Back to school 2020 certainly won’t be like any other! While most parents got a taste of distance learning in the spring, much of this academic year will likely be remote in our area. Whether your child is 100% virtual or doing some sort of hybrid schedule, they will be spending a lot of time learning in this new way.
Parents and teachers all learned some lessons in the spring and the experts have weighed in on what works best for successful remote learning. With the start of school just around the corner, we’ve gathered up the best remote learning tips for parents.
First Things First
- Create a dedicated learning space. This space should be different from where the kids normally play games or watch television (a great tip for parents working at home too!) Here are some great tips.
- Reduce Distractions. Whether it’s a device or the family dog, remove it from the learning space!
- Ensure all of the needed supplies (paper, crayons, pencils, notebooks, scissors, etc.) are on hand in the learning space.
- Make sure to distinguish school days from weekends and holidays. The kids (and adults!) should follow their normal routines of waking up, showering, getting dressed, having breakfast, and starting the “school” day.
- Address basic needs. Before starting the day of learning, make sure your child isn’t hungry, thirsty, tired, or distracted before starting his or her day of learning.
- Set and maintain a schedule. Not only is the morning routine important, but create and maintain a routine for lunch and after school time. Try to adjust your schedule to align with theirs when you can.
- Ensure your kid(s) takes breaks, including physical movement. Offer “digital recess” to give young eyes a break from their screens. Spend some time outside in the garden or take a walk around the block. When the weather is bad, do a puzzle or listen to music with your kids.
- Plan to work with your child on activities or subjects that they find difficult when your child is most alert and engaged. The majority of kids are most focused and motivated in the morning.
- Save easier material that can be accomplished easily and/or independently at a different time. (such as in the afternoon or even another day).
- Don’t try to — or expect to — replace your child’s teachers. Play a supportive role. Help the kids with the technology of distance learning, check messages and communication with the teachers, etc. Consider scheduling “office hours” when you’re available for school-related questions.
- Take advantage of the main resources available online! Here’s a great list to get you started. Don’t hesitate to reach out to his or her teacher for additional resources, and suggestions.
A Few Last Tips
- When in doubt, have your child read! If your child is overwhelmed, encourage her to take a break from the screen. Parents should encourage print and book reading (you may want to as your child’s teacher if you can get some of the textbooks in hard copy for home use). Allow them to read whatever will keep them reading and engaged (think graphic novels, magazines, etc.).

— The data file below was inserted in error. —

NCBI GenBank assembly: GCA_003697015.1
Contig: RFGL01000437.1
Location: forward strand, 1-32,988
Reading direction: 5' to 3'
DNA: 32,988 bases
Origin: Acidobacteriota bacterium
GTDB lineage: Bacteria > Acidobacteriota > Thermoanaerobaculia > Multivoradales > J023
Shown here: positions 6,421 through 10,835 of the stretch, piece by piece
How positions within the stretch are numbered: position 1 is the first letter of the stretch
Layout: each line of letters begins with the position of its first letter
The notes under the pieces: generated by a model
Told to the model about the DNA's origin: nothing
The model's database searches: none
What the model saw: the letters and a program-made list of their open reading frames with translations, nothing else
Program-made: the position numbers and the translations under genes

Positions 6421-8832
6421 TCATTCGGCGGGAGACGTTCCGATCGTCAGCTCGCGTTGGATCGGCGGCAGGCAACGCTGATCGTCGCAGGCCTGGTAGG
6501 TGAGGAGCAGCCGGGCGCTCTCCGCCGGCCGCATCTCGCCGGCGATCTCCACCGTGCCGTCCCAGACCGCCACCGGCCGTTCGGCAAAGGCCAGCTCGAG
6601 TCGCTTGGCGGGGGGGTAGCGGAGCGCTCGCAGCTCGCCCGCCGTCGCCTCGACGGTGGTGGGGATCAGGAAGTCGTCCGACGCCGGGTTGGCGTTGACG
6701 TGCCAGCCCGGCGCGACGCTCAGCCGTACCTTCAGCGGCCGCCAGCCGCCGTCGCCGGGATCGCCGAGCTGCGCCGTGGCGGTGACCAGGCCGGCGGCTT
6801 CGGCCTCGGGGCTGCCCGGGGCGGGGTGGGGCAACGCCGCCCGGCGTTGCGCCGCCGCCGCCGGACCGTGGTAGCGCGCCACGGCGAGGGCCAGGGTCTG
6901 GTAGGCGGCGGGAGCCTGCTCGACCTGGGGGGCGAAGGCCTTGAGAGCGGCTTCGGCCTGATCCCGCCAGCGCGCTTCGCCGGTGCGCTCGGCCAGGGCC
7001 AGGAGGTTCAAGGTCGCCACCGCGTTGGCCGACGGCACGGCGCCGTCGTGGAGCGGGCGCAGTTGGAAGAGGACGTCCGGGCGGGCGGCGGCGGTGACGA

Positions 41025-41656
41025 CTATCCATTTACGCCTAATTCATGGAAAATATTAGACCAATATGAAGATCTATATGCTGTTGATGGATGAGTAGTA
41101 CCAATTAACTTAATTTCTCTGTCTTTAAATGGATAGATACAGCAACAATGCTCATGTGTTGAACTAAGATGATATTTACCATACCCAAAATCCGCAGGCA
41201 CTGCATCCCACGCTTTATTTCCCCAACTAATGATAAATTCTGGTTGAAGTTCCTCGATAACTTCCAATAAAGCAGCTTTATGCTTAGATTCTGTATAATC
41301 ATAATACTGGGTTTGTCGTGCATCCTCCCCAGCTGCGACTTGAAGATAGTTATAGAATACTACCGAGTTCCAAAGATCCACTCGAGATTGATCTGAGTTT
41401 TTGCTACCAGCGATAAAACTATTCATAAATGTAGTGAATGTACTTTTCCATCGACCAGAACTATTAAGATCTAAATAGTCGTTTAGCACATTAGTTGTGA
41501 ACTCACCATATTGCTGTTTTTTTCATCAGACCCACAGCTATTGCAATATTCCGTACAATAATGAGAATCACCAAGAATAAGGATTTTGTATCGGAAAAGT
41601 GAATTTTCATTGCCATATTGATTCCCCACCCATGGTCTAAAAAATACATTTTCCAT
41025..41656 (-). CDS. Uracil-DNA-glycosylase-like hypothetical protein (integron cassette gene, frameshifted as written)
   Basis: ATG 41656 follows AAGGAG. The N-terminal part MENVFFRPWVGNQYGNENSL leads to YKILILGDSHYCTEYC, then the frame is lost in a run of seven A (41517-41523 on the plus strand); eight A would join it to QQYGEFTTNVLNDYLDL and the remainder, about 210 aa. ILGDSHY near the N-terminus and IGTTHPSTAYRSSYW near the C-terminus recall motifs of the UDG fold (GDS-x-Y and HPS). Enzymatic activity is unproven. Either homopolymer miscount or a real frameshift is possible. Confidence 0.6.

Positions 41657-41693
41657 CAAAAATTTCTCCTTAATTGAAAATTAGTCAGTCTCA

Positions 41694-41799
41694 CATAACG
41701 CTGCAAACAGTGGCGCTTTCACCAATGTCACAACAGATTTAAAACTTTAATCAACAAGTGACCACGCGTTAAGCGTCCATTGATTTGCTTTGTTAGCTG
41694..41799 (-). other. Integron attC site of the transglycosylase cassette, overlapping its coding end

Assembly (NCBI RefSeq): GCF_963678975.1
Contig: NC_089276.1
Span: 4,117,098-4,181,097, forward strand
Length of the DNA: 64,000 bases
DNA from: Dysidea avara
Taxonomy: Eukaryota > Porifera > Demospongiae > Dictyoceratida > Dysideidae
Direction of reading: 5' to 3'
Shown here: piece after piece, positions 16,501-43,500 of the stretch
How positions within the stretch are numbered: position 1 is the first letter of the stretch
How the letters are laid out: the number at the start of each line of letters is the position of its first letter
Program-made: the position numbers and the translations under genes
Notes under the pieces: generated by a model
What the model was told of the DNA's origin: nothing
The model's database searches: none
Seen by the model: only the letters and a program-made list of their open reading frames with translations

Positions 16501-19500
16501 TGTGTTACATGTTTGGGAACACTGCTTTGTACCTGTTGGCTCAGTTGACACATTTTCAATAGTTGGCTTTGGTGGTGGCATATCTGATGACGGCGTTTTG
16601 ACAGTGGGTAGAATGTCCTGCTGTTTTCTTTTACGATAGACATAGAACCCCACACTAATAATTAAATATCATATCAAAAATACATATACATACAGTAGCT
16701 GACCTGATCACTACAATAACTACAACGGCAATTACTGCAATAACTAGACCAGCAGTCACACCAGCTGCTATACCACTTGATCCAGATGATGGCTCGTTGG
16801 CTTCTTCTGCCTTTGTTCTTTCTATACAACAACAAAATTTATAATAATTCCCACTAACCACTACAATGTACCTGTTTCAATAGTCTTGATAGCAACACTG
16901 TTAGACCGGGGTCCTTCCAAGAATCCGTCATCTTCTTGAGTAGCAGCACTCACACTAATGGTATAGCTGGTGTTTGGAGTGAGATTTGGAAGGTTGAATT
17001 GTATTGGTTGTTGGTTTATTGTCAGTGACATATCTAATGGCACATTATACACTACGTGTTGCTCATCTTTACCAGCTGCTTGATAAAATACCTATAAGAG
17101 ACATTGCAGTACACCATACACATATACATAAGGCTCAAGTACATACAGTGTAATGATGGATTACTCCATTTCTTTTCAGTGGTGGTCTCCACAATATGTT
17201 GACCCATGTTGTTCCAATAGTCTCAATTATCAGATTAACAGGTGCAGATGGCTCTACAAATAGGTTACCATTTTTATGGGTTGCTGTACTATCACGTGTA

- Keep the news to a minimum during the days. The daily news can be downright scary, especially for young children. Remind your child they are safe and that school and life will eventually get back to normal.
- Remember, learning opportunities are everywhere! While it may seem like your child is getting less instruction while learning remotely, keep in mind that almost every moment can be a teaching moment! For example, a trip to the grocery store can become a math lesson and a walk through the woods is a wonderful science lesson.
- Try to maintain your child’s social connections. Whether it is a weekly Zoom with his best friend or a socially-distanced park meet-up, it’s essential to keep kids connected.
- Try to enjoy this unprecedented situation. Enjoy this unique opportunity to observe your child’s learning. Watching a child learn to read, write, or master a tough concept is really quite amazing. Take advantage of this extra time to be together and do things you may not have had time for otherwise. From walks along the river to weekday trips to the library or farmer’s market, your child will be so happy to spend this bonus time with you.
The Bottom Line
Remote learning is certainly not ideal. But with some advance planning, a solid routine, and flexibility, your child can continue to learn and thrive. Just be sure to stay in close contact with their teachers, take advantage of unique learning opportunities, and maintain those crucial friendships.
Do you have any great remote learning tips for parents? Please do drop us a line so we can share them with others.